For release: 06/21/04
Status report #: 04-168
Gravity Probe B — a NASA experiment to test two predictions of Albert Einstein's Theory of General Relativity — continues to perform well. The spacecraft is in good health, and as planned, the science telescope has locked onto the guide star, IM Pegasi. Gravity Probe B is managed by the Marshall Center.Photo: Artist concept of Gravity Probe B orbiting the Earth to measure space-time, a four-dimensional description of the universe including height, width, length, and time. (NASA/MSFC)
Two months into the mission, the spacecraft is in good health, and all subsystems are performing well. The spacecraft's orbit continues to be stable, meeting our requirements for transition into the science phase of the mission. All four gyros remain digitally suspended, and the GP-B team is completing a planned series of calibration tests at very low gyro spin rates. The science telescope has locked onto the guide star, IM Pegasi, and the team is beginning the process of distributing and balancing the mass of the spacecraft at increased roll rates, as required for the science mission. For reasons discussed below, the Initialization and Orbit Checkout (IOC) phase of the mission has been extended to 90 days.
This past week, the team increased the roll rate of the spacecraft from 0.1 rpm to 0.3 rpm, in preparation for "mass trim" and "bubble wrap." These procedures are used to bring the entire spacecraft into balance so that it rolls smoothly about its main axis, while continuing to focus on the guide star through the telescope. The mass trim operation is similar to dynamically spin balancing a tire, using movable weights on the spacecraft frame under computer control to adjust the spacecraft's center of mass. Bubble wrap is the process of uniformly distributing the liquid helium around the Dewar's outer shell. This is accomplished by increasing the roll rate of the spacecraft in steps, from 0.3 rpm to 0.6 rpm.
Also during this past week, the spacecraft/telescope re-visited guide star neighbor HD 216635 (SAO 108242) as well as guide star neighbor HR Peg (HR 8714), for further testing and brightness calibration.
Another important event this past week was using the results of prior gyro calibration tests to fine-tune the Gyro Suspension System (GSS) for each gyro. This significantly improved the suspension performance of all the gyros, especially gyro #2. Parameters are now in place for spinning up the gyros to 5 Hz (300 rpm).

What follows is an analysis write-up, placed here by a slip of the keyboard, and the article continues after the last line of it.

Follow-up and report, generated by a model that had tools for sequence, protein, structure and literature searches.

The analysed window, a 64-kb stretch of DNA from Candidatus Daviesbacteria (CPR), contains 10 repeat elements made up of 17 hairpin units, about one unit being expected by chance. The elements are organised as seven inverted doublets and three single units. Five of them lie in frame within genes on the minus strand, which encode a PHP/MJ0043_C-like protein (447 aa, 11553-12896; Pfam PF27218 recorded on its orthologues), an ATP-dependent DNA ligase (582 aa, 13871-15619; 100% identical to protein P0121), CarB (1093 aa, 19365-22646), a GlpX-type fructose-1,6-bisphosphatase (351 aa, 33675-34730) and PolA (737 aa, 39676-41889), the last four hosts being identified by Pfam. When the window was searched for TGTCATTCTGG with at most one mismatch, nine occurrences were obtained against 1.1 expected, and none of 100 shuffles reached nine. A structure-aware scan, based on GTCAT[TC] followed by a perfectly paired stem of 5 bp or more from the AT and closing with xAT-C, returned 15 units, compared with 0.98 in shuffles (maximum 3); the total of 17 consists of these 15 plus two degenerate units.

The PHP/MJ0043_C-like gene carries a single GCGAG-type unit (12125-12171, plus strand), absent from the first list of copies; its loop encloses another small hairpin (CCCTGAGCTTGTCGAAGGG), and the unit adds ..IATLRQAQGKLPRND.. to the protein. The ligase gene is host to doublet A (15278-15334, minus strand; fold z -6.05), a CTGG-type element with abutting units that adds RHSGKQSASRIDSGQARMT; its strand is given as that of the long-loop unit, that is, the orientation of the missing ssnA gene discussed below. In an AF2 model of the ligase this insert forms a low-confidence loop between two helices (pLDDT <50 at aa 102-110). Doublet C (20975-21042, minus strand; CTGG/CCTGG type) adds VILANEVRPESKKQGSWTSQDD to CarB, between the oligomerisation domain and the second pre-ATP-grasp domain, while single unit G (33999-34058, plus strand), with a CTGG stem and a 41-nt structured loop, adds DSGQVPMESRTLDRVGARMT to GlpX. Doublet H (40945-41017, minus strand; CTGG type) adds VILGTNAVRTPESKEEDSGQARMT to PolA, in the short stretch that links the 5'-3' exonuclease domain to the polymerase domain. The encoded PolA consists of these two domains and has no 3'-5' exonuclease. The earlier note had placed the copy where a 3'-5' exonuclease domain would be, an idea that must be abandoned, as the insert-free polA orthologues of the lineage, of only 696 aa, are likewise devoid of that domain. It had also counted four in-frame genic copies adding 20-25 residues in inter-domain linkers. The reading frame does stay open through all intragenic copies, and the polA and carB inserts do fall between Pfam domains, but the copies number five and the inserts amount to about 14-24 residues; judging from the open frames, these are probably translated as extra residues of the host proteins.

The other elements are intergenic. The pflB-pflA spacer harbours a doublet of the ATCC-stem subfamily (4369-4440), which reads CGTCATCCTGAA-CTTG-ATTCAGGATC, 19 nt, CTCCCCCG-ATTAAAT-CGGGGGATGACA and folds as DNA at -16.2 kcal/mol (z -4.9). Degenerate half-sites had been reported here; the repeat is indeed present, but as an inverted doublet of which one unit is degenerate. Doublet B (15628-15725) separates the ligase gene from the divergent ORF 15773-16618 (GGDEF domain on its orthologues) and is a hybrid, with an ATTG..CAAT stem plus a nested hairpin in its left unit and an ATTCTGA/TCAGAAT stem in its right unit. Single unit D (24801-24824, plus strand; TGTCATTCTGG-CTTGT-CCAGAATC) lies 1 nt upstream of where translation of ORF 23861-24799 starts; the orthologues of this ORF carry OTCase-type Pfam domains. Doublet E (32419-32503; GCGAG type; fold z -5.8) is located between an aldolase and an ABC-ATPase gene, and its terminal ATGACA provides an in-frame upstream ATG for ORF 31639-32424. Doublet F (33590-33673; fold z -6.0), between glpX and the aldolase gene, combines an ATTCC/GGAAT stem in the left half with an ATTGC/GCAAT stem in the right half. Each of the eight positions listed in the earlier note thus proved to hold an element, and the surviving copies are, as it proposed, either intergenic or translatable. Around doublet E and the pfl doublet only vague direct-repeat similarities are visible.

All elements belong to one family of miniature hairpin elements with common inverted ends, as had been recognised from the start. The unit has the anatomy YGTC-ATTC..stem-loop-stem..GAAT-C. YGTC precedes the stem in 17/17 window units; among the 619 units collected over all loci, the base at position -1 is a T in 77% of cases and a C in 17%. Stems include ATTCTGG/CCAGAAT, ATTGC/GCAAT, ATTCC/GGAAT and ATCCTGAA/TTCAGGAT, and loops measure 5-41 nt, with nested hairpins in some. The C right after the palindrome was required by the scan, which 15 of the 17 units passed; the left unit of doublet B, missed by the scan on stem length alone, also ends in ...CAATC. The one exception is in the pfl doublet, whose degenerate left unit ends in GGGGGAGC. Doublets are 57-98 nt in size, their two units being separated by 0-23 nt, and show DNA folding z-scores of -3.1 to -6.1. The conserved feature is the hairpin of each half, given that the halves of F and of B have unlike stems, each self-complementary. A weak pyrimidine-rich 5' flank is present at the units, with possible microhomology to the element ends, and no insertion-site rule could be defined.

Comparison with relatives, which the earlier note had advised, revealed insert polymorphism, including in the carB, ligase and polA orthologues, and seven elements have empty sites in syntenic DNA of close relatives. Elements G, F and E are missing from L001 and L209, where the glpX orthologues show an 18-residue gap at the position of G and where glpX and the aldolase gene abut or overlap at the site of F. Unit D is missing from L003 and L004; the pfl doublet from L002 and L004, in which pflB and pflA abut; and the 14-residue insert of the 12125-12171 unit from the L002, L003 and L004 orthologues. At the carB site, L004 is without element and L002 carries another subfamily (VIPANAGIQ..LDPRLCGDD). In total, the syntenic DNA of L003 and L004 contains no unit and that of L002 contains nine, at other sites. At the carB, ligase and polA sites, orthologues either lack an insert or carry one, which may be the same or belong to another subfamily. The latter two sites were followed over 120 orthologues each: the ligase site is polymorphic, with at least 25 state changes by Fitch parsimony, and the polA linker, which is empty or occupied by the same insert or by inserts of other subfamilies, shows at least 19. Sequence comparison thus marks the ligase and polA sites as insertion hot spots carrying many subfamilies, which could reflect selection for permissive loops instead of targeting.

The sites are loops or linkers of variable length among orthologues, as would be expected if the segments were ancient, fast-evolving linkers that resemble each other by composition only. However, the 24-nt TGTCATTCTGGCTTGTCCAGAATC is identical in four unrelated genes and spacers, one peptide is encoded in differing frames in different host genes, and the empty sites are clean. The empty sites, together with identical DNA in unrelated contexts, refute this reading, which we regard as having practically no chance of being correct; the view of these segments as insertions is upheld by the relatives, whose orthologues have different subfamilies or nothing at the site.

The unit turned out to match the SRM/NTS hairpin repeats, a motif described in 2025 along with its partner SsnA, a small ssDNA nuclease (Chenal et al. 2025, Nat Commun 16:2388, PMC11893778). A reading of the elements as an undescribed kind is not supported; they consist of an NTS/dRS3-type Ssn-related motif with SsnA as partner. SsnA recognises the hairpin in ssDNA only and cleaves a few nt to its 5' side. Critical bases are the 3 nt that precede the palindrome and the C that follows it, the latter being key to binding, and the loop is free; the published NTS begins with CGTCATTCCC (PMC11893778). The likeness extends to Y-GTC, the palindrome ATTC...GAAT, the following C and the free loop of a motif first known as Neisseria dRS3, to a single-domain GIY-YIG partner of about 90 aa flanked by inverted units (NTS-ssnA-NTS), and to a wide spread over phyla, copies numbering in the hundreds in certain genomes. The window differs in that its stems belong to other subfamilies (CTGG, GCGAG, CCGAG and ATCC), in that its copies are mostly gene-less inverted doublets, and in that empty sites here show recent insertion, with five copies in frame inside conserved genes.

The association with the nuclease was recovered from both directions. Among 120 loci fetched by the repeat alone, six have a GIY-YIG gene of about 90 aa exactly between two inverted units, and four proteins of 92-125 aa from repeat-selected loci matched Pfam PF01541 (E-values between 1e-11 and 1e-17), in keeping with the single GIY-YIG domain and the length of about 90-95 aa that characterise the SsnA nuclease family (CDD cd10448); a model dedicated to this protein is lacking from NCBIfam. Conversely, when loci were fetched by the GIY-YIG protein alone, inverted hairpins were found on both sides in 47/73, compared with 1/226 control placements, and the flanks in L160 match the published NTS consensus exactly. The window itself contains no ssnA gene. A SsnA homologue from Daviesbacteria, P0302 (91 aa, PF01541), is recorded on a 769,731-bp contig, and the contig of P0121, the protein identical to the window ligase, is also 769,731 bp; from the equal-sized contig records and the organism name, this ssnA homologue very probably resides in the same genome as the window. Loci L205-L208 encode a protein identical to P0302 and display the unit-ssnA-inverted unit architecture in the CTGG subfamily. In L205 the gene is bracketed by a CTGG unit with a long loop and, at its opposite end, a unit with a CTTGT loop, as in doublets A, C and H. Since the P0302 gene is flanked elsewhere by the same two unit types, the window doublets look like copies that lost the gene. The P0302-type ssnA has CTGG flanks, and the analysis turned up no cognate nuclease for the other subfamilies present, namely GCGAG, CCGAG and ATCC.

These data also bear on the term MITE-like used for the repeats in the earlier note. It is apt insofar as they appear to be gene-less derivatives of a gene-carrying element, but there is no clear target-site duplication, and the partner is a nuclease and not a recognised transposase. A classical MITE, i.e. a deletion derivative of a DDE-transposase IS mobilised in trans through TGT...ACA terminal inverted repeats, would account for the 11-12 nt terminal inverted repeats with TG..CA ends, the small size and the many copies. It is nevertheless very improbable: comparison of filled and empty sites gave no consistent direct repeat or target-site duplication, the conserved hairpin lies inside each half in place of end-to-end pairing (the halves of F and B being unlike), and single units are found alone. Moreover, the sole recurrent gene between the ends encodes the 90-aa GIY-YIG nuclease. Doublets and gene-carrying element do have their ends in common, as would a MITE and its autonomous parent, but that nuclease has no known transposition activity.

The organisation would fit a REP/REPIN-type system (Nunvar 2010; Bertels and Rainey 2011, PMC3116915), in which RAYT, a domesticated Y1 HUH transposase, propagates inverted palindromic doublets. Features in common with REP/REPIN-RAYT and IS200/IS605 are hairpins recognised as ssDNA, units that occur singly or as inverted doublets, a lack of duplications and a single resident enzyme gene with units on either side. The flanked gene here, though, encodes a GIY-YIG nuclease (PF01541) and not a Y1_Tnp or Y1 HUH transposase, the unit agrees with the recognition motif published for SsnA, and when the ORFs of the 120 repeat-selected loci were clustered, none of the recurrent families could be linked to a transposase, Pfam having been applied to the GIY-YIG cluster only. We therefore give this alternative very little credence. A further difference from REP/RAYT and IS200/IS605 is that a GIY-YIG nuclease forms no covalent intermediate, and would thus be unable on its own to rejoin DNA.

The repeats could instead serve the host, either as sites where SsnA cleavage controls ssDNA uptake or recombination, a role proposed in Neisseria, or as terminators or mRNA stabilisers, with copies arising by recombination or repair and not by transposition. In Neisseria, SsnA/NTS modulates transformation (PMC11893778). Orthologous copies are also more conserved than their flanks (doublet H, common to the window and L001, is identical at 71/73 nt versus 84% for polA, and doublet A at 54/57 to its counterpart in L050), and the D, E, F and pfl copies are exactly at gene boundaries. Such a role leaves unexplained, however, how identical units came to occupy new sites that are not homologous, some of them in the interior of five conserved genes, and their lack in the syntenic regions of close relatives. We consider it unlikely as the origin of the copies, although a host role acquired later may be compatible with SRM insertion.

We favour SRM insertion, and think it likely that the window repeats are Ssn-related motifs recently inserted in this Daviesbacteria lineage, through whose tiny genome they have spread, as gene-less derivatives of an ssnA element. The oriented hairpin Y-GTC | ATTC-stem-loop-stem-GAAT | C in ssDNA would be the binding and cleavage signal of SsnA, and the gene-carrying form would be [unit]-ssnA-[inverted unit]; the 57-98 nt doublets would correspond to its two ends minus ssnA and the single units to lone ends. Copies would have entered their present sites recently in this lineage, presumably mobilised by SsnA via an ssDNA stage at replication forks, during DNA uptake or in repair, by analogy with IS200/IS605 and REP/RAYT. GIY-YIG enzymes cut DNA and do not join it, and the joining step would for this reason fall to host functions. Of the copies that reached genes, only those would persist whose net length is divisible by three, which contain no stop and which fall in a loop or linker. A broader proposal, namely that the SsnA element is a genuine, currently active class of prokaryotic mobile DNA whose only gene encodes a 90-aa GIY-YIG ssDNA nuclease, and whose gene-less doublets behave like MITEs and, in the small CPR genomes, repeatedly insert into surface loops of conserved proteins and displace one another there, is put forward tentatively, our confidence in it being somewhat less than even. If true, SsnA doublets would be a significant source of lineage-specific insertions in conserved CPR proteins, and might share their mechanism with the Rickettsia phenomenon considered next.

Two difficulties — now both overcome — have made the task of locking onto the guide star take longer than anticipated, and as a result, the IOC phase of the mission has been extended from 60 to 90 days. First, the side-facing star trackers on the spacecraft required an extended search period to properly identify the known field of stars. Feedback from these star trackers is used to orient the spacecraft in the vicinity of the guide star, similar to using a spotting telescope to position a high-powered telescope on a particular part of the sky. The second difficulty is the malfunction of two of the spacecraft's 16 ultra-sensitive micro thrusters. Redundancy built into the system enables the spacecraft to fly without the two problematic thrusters, but to optimize performance with 14 instead of 16 thrusters, it was necessary to revise the thruster-control software. This software change has now been implemented, and after a Flight Readiness Review on June 25, 2004, it will be uploaded to the spacecraft. At a later stage, the team will explore partial re-activation of the two problematic thrusters.
NASA's Gravity Probe B mission, also known as GP-B, will use four ultra-precise gyroscopes to test Einstein's theory that space and time are distorted by the presence of massive objects. To accomplish this, the mission will measure two factors — how space and time are warped by the presence of the Earth, and how the Earth's rotation drags space-time around with it.
NASA's Marshall Space Flight Center in Huntsville, Ala., manages the Gravity Probe B program for NASA's Office of Space Science. Stanford University in Stanford, Calif., developed and built the science experiment hardware and operates the science mission for NASA. Lockheed Martin of Palo Alto, Calif., developed and built the GP-B spacecraft.